Adayar springs 16-1 surprise Derby win for jubilant jockey Adam Kirby
One of the weighing room's most popular riders only switched to winner on Thursday
Adam Kirby celebrates on top of Adayar after winning the Cazoo Derby at Epsom. Photograph: John Walton/PA Wire
Adam Kirby riding Adayar come home to win win the Cazoo Derby at Epsom. Photograph: Alan Crowhurst/Getty Images
A dramatic game of jockey’s musical chairs for Saturday’s Cazoo Epsom Derby ended in unlikely glory for Adam Kirby on board Adayar.
Godolphin’s third-string upset the pecking order as the 16-1 outsider got a dream run up the inside rail to record a four and a half length success from the 50-1 shot Mojo Star.
Trainer Charlie Appleby was also responsible for the third, Hurricane Lane, while Mac Swiney did best of the Irish runners in fourth.
Aidan O’Brien’s 11-8 favourite Bolshoi Ballet proved a bitter disappointment and faded to seventh.
However, all focus was on Kirby who on Wednesday night was replaced by Frankie Dettori on the highly touted John Leeper.
That the 32-year-old Englishman subsequently availed of his lengthy association with Godolphin to replace Oisín Murphy on Adayar looked like meagre consolation.
Beaten in trials at Sandown and Lingfield, the son of Frankel was generally overlooked in pre-race calculations, not least because of stall one draw that usually manages to scupper Derby dreams.
Despite that, however, Kirby managed to secure a good position on Adayar just behind the pace-setter Gear Up with Bolshoi Ballet wide of him.
In the early stages Dettori was last on John Leeper, who got quite upset in the preliminaries, until making a dramatic outside move coming down the hill.
That quickly petered out as Kirby grabbed the initiative with a daring run on the inside of the weakening Gear Up.
Producing a turn of foot he hadn’t shown before, Adayar shot through and went clear to such effect the result wasn’t in doubt throughout the final furlong.
Since Appleby had to be persuaded by the Godolphin supremo Sheikh Mohammed a few days previously to allow Adayar even line up, Kirby could be forgiven for struggling to comprehend the nature of his breakthrough Classic success.
Perhaps not since Lester Piggott’s controversial replacement of Bill Williamson on Roberto in 1972 did the Derby fall-out focus so much on what jockey ended up on what horse.
Like ‘the Long Fellow’, Kirby’s unusual height for a jockey has meant his career has been a constant struggle with weight.
However, perseverance against the pressures of riding at 9st paid off in style on the biggest stage of all.
“There’s ups and down, it’s racing: but when it comes Charlie Appleby, he’s a top man. I can’t thank him enough. He’s a real gentleman and a great trainer,” Kirby said.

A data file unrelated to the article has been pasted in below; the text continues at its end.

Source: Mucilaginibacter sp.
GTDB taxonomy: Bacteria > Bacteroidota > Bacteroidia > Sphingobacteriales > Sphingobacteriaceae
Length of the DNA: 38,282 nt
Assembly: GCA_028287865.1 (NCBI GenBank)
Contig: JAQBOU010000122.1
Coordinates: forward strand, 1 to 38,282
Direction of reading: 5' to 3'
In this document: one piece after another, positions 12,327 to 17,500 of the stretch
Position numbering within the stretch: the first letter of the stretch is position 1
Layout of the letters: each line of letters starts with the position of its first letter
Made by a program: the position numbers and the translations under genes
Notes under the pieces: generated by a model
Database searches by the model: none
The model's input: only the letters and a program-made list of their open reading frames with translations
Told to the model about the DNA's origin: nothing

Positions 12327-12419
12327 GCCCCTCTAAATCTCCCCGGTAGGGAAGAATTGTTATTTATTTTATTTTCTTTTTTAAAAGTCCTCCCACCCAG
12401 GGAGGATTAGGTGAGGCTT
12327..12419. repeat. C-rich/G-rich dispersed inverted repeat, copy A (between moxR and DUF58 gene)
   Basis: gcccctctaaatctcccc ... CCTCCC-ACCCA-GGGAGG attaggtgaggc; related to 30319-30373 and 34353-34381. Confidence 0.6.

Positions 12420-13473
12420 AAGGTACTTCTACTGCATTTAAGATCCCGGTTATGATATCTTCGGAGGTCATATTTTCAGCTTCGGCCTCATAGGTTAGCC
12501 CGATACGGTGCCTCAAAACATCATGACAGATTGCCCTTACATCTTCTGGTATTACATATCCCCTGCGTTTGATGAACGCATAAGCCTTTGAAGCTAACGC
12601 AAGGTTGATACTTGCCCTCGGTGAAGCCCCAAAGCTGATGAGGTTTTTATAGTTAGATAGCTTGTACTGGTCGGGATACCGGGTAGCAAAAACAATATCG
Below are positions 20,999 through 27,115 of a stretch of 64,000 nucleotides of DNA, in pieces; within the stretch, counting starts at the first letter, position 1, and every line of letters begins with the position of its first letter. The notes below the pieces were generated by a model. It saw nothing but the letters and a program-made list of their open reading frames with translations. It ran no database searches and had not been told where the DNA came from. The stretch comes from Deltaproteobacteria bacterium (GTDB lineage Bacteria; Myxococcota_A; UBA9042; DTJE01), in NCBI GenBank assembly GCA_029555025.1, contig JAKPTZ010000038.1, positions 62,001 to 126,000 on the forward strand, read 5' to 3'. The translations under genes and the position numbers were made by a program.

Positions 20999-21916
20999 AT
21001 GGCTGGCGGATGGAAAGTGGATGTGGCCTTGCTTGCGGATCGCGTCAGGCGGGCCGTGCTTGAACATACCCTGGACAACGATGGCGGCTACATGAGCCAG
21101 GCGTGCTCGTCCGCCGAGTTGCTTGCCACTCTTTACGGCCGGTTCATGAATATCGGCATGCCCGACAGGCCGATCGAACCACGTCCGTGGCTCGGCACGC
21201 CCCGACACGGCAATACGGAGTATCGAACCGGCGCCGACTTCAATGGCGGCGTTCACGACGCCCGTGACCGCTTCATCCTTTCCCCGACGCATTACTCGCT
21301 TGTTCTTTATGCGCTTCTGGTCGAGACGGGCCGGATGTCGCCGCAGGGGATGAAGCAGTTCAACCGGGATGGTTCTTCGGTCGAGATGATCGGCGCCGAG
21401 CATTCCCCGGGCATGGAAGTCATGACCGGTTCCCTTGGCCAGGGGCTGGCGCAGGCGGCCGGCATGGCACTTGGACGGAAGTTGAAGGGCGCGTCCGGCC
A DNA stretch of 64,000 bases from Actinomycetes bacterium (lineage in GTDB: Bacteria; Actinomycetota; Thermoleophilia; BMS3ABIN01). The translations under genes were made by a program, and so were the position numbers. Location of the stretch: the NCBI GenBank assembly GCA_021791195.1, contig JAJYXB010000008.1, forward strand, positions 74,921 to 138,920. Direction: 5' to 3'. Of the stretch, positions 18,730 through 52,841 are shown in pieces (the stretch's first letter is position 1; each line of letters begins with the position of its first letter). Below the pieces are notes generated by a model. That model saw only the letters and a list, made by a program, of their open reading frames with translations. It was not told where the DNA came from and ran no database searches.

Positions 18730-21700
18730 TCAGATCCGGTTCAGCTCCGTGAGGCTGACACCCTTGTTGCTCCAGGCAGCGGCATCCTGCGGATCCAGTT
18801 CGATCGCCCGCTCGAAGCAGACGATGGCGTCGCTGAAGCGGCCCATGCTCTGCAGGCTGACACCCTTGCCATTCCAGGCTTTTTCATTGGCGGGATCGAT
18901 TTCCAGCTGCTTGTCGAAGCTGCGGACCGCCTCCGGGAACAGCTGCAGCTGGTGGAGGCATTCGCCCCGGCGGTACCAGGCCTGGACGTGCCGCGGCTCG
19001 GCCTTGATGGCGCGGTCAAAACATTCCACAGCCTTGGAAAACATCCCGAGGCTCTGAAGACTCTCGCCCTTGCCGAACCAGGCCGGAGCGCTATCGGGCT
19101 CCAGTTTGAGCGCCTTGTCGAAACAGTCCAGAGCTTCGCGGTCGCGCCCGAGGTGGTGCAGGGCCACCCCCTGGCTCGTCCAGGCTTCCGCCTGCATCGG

Having enjoyed a 16-length Oaks rout on Snowfall the day before, Dettori was an ‘also-ran’ this time as John Leeper beat only two home in ninth.
However, the most disappointed jockey had to be Murphy who endured watching the horse he had been booked to ride justify a canny gamble from 40-1 morning prices and became the first since Oath in 1999 to win from the inside draw.
That the champion jockey from Killarney was among the first to congratulate Kirby said plenty about him, as well as the winner’s popularity with colleagues.
It was a second Derby win for Appleby after Masar’s success in 2018 and characteristically he shifted credit to his employer.
“All the credit goes to Sheikh Mohammed. We spoke on Wednesday night after the horses did their breeze in the morning and I’ll be honest, I said to His Highness I couldn’t be happier with them all but I did feel this horse was more of a Leger horse.
“He said ‘Charlie run him: there’s only one Derby.’ As always he’s right. But from the team’s point of view, it’s fantastic. I’m delighted for Adam. It was a fantastic ride and it’s something all jockeys want to achieve,” Appleby reported.
O’Brien, pursuing a ninth Derby victory, and having granted the numerical edge to Godolphin with just a single runner, was left puzzled by Bolshoi Ballet’s performance.
“He just ran a bit lifeless. What the reason was, I’m not sure. It doesn’t work every day. That’s the way life is.
“I don’t want to make excuses because I don’t want to take away from the other horses. He was in the perfect position. He wants nice ground and maybe that was the reason,” he said.
Not surprisingly, bookmaker reaction, after rejoicing over a big-priced Derby one-two, was to make Adayar a 7-2 favourite for the Leger in September.
He is also a 10-1 shot for the Arc in Paris the following month, a race for which Snowfall is favourite.
The Classic focus switches to Chantilly on Sunday for the French Derby where O’Brien will try to land the Prix Du Jockey Club for the first time.
He is represented by both the favourite St Mark’s Basilica and Colin Keane’s mount Van Gogh.
“St Mark’s Basilica has been lovely since the [French] Guineas and it was always the plan to go back to France. He hasn’t run over that trip but we’re looking forward to seeing it,” O’Brien reported on Saturday.
“Van Gogh is a quality horse that won a Group One at the back end of last year and he had a very good run in the Irish 2,000 Guineas.
“For him to run that well, as we took our time on him in not a strongly-run race, we were very happy with him,” he added.